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History Illustrations: Peace between England & Wales?

King Henry III & the de Braose Heirs

We reach chapter 6 of Broken Reed: The Lords of Gower and King John and this lovely illustration of the lion of England, the dragon of Wales, and the dove of peace hovering over them. Will there be peace between England and Wales? Will the dove get to land?
peace between England and Wales illustration
King John’s behaviour after Magna Carta threw England into turmoil. The barons were so incensed with him that they offered the crown to Prince Louis of France. When John died, Louis was already in England with his army and had been welcomed into London with open arms.
William Marshal

William Marshal

The Welsh, led by Llywelyn the Great, took advantage of the chaos to recapture some of their lands. John’s son Henry came to the throne (as Henry III) with England’s greatest knight, William Marshal, as regent. William, though elderly, led the army against Louis and defeated him in September 1217, while the Welsh were offered peace between England and Wales.
The Treaty of Lambeth which ended the war was not acceptable to the Welsh, but Reginald de Braose saw his chance to re-enter the fold, and transferred his allegiance from Llywelyn to the new king. Reginald was restored to favour and given back the Bramber estate.
Angered by his son-in-law’s defiance, Llywelyn captured Brecon and Swansea, handing Swansea over to Rhys Gryg of Deheubarth. Reginald de Braose was forced to surrender to Llywelyn and yield his Welsh territories. Rhys Gryg swept through Gower and ousted all the English, giving their lands to the Welsh. Reginald’s nephews, Rhys and Owain, princes of Deheubarth, also rose up and captured Builth.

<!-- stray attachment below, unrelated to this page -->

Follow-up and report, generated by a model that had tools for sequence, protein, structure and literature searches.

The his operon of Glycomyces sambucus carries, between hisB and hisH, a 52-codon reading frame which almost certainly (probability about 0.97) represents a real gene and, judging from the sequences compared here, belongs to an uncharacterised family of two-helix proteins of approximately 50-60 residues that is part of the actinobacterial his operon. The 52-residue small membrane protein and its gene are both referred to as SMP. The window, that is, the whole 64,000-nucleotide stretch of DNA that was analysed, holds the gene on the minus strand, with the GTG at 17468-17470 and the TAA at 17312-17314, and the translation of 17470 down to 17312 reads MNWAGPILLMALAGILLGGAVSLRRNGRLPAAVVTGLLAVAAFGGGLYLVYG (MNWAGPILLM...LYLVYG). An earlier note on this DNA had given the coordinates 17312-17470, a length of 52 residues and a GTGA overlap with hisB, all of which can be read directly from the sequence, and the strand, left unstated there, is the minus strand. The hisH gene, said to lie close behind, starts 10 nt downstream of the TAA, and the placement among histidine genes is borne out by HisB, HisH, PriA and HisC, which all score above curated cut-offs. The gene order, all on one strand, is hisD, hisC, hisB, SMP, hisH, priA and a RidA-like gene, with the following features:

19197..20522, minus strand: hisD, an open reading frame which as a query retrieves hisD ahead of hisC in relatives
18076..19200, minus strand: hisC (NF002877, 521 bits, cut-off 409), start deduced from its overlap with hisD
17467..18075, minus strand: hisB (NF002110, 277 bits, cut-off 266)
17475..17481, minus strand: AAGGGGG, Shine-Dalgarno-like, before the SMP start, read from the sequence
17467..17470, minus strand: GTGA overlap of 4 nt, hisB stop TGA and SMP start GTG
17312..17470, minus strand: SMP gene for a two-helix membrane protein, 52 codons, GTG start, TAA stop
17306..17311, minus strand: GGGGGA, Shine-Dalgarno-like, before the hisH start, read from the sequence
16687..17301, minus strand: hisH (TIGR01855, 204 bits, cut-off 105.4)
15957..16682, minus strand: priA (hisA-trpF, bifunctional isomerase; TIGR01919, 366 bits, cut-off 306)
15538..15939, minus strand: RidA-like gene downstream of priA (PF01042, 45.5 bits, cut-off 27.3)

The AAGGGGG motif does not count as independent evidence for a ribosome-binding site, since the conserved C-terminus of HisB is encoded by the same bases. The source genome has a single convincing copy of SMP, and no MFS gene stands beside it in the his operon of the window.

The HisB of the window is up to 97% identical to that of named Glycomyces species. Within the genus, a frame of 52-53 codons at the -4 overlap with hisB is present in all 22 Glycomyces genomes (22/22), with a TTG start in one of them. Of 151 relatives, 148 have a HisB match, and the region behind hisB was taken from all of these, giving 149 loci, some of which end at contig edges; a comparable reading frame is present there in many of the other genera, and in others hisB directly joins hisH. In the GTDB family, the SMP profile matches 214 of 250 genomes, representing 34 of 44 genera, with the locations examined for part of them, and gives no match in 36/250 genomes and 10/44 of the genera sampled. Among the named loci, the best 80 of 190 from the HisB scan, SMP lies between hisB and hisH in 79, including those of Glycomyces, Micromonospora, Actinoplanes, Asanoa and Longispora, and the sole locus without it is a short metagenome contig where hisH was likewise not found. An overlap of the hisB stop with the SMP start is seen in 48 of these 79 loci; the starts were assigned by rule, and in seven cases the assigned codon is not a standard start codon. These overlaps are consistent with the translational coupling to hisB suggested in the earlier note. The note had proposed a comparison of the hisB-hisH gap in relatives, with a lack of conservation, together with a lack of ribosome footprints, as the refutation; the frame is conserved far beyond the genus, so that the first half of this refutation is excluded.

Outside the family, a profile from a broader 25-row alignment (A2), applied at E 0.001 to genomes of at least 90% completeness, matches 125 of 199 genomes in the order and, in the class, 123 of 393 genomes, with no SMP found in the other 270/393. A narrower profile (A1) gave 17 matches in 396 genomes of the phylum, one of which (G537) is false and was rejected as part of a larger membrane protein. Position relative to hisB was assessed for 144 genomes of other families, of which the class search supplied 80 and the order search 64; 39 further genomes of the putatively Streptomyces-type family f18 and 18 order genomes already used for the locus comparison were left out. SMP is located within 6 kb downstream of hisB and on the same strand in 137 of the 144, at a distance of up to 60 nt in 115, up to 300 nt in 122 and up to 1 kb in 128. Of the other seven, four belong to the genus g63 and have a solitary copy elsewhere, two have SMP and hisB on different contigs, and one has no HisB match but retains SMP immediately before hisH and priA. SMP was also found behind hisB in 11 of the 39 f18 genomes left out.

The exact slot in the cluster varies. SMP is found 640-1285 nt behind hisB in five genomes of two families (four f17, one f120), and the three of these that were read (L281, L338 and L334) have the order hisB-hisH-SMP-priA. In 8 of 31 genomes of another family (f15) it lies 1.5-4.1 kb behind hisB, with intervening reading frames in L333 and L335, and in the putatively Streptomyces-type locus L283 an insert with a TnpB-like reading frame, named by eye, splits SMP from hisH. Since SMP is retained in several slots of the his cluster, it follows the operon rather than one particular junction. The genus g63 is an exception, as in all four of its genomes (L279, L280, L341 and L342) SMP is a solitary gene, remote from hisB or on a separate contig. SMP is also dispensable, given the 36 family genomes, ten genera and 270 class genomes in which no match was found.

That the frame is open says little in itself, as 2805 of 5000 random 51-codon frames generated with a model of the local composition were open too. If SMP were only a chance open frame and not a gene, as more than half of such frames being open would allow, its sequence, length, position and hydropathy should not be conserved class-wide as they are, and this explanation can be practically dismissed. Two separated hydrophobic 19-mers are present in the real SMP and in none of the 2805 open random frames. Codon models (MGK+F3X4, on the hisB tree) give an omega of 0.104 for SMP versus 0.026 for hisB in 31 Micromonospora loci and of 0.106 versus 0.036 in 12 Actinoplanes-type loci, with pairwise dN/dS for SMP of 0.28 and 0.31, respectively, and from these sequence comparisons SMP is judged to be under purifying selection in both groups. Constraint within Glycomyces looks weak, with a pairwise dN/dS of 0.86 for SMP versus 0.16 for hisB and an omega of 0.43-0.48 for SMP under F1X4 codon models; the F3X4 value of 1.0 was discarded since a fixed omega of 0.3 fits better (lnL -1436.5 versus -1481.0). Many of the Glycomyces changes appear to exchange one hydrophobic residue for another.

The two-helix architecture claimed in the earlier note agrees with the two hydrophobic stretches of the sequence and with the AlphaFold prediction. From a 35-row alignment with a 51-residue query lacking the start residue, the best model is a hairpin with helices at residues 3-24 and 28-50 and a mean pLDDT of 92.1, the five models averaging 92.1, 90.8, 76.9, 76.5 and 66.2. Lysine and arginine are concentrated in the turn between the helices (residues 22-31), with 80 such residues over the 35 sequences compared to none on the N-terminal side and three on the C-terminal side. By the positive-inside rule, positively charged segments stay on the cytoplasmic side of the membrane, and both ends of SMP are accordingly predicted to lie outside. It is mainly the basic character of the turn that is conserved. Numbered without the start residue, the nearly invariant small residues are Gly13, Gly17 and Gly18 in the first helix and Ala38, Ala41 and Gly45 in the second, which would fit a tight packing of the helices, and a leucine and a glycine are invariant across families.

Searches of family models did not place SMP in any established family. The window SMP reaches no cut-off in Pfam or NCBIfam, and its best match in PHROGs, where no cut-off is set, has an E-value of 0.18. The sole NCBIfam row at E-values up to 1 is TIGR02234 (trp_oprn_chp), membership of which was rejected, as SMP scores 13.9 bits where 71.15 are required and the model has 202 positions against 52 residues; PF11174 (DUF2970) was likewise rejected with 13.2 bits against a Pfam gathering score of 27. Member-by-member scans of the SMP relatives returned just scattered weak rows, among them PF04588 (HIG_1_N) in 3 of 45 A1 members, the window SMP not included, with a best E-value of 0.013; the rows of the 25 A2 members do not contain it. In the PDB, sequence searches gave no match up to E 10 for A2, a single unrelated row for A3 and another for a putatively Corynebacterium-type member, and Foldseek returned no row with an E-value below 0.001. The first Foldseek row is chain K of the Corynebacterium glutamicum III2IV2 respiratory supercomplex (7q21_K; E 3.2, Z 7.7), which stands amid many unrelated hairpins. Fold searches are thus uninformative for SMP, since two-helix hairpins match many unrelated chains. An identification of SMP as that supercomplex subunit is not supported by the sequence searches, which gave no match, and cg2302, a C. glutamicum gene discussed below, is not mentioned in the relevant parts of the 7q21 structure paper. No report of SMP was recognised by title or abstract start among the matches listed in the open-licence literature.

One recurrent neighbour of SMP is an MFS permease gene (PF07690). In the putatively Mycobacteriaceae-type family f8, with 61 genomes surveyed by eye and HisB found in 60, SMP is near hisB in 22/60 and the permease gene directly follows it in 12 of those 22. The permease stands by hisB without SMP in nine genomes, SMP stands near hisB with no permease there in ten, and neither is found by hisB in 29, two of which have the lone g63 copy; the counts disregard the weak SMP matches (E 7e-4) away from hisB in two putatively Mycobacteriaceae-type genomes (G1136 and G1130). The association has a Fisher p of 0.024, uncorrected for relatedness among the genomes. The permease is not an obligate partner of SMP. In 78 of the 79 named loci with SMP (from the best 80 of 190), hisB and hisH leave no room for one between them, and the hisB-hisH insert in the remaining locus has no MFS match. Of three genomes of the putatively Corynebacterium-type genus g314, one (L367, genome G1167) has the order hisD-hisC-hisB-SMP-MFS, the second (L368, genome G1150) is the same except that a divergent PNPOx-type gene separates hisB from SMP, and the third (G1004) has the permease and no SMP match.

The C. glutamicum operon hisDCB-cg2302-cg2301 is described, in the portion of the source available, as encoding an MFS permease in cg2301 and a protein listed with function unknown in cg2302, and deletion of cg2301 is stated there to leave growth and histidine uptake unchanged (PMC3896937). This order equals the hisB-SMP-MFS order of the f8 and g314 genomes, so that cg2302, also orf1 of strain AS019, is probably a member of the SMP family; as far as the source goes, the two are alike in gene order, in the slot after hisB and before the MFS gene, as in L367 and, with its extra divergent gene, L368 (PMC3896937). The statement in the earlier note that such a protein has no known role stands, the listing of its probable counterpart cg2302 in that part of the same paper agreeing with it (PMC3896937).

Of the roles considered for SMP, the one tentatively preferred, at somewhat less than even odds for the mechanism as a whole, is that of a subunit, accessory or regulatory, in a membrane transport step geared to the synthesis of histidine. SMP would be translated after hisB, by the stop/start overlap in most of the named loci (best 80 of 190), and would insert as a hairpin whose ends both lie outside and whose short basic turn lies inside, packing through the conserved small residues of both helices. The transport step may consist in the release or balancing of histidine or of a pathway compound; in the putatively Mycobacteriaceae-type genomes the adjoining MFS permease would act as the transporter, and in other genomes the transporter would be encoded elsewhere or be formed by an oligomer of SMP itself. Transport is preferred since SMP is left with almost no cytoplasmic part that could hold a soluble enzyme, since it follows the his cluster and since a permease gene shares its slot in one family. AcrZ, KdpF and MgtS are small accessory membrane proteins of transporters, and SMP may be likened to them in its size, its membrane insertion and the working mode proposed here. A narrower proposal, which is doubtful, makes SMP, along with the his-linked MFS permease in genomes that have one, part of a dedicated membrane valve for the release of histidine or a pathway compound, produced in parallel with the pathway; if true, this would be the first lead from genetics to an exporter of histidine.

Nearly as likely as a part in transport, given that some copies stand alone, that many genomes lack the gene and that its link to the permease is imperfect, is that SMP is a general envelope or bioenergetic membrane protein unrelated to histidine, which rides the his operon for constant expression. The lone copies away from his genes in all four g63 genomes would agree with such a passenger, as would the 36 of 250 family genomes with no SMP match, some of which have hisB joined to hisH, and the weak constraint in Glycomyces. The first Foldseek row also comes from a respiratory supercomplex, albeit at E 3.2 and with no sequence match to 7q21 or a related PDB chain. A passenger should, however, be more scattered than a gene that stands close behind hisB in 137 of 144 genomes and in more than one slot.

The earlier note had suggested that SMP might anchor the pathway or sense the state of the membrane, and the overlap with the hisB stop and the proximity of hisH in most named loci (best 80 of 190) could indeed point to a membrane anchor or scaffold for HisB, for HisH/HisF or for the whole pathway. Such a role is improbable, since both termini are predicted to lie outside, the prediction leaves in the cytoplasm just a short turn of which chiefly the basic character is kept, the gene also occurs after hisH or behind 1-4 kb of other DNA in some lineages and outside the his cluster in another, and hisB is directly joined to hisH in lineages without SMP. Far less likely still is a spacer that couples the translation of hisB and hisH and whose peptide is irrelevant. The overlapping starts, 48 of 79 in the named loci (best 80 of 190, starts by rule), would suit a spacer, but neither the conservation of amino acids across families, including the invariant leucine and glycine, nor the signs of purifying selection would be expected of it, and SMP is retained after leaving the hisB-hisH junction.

Llywelyn the Great

Llywelyn the Great

In March 1218 Llywelyn met with the king’s representatives and agreed a much better settlement, known as the Peace of Worcester. He had to make concessions, including the return of the de Braose lands, but much of his territory was accepted. But he was expected to ensure the other Welsh princes came and paid homage to the king instead of paying homage to him. Unfortunately, only one did, but the crown decided to keep Llywelyn’s friendship, and didn’t make a fuss.

In 1218 Peter de Maulay, constable of Corfe Castle, was ordered for the third time to release William III’s grandsons, John and Giles. This time he complied. John de Braose was twenty and as the eldest son, laid claim to the de Braose estates, some of which were held by his uncle Reginald. The lordships of Bramber and Barnstable came to him with no trouble, but his claim for the Welsh lordships was refused.
Since Reginald was out of favour with Llywelyn, John de Braose turned to him to aid him in his claim against his uncle. In 1219 Llywelyn ordered Rhys Grug to give John Gower, and in return John made an alliance with Llywelyn by marrying his daughter Margaret. For those who have read my book Alina, The White Lady of Oystermouth, John and Margaret were Alina’s great-grandparents.

Head shot Ann Marie ThomasAnn Marie Thomas is the author of four medieval history books, a surprisingly cheerful poetry collection about her 2010 stroke, and the science fiction series Flight of the Kestrel. Intruders, Alien Secrets, and Crisis of Conscience are out now. Follow her at